EL PASO, Texas (AP) – A lawyer helping Central American immigrants housed at a temporary center in southern New Mexico compared the legal limbo of immigrants there to those at a U.S. military prison in Guantanamo Bay, Cuba.
Attorney Pamela Muñoz said at a news conference that like prisoners at Guantanamo, the immigrants at the center in Artesia, New Mexico, are in a legal limbo, without formal charges and without due process, the El Paso Times reported Saturday. Guantanamo has housed prisoners allegedly connected with al-Qaida and other groups since the Sept. 11, 2001 attacks in New York and Washington.
Leticia Zamarripa, a spokeswoman for U.S. Immigration and Customs Enforcement, which oversees the detention center in Artesia, said the facility and other similar ones operate in an open environment, which includes play rooms, social workers and access to legal counsel.
Muñoz and other advocates at Las Americas Immigrant Advocacy Center in El Paso alleged that the women and children from Honduras, Guatemala and El Salvador are being fast-tracked out of the United States under the guise that they pose threats to national security. The facility is about 200 miles northeast of El Paso.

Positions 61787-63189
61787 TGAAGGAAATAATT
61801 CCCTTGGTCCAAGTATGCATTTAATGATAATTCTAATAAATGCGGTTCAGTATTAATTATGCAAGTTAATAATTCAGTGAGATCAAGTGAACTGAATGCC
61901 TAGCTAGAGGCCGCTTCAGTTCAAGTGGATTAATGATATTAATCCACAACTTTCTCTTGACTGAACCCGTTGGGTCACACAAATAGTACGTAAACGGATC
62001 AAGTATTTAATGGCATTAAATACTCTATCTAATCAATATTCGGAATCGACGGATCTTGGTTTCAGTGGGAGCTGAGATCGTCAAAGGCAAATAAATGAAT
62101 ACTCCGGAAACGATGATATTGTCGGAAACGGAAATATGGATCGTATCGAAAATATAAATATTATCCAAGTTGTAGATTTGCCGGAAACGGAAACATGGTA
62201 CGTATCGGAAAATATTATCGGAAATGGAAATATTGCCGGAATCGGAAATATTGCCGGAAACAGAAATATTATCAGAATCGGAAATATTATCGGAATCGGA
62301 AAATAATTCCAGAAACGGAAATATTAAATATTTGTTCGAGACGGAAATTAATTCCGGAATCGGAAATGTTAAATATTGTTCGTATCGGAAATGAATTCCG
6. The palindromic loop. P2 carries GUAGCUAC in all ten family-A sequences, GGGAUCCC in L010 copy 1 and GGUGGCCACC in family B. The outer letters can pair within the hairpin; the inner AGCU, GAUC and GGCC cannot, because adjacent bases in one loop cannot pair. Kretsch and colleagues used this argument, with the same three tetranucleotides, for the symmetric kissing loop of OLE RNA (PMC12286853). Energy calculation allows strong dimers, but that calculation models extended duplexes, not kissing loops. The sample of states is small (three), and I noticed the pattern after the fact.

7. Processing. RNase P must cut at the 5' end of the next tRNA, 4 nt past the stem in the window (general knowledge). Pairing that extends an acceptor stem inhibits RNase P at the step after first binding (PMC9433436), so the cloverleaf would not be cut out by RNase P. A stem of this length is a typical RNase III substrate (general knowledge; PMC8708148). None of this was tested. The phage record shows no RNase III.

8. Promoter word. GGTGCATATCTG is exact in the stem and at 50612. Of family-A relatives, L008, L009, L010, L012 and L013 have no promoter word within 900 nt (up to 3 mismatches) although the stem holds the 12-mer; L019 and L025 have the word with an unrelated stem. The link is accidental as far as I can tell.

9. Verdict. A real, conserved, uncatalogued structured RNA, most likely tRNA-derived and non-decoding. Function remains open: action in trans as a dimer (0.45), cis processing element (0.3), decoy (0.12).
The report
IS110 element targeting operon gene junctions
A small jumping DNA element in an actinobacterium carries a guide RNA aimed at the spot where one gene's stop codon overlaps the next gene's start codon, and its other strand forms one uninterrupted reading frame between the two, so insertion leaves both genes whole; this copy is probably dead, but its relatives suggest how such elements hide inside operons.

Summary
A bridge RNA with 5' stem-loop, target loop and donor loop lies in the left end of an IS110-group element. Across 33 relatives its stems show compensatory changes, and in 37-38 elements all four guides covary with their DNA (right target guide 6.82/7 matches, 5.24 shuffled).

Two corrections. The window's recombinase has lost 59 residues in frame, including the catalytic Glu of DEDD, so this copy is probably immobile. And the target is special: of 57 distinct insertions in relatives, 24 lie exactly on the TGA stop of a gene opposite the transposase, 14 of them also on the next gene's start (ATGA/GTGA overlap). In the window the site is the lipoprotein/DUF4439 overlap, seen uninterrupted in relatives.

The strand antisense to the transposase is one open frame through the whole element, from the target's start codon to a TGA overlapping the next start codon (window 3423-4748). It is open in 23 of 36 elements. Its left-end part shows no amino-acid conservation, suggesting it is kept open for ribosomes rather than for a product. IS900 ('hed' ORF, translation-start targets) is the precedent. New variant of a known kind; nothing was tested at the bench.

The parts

“Immigration judges are holding hearings remotely for some of the petitioners through videoconferencing on very small screens,” Muñoz said. “The women don’t have access to translators, and their applications require that their police reports and other documents be translated into English. Some of them are given bonds that are unreasonably high – $20,000 and $30,000, for example.”
Muñoz and another lawyer, Julie Braker, described conditions at the center as chaotic and lacking privacy for the lawyers to consult with clients.
Braker said the lawyers have voiced complaints to the facility managers, “but we’ve encountered a lot of resistance from the officials there to change anything.”
Zamarripa said in a statement the facility and others like it “are an effective and humane alternative to maintain family unity as families await the outcome of immigration hearings or return to their home countries.”
“The Artesia Family Residential Center remains a critical piece in the government’s response to the unprecedented influx of adults with children arriving at our southern border,” according to the statement. “The Federal Law Enforcement Training Center campus in southeastern New Mexico was selected as a temporary facility because it offers a more appropriate environment for the care and custody of adults with children, and is cost-effective.”
Since the Artesia center opened June 27, about 280 people have been repatriated to their countries. Officials said the New Mexico center housed 532 people as of Thursday. The immigrants in Artesia came from Hidalgo County in South Texas.
The immigrants are part of the more than 57,000 unaccompanied children who have come to the U.S. in the last few months.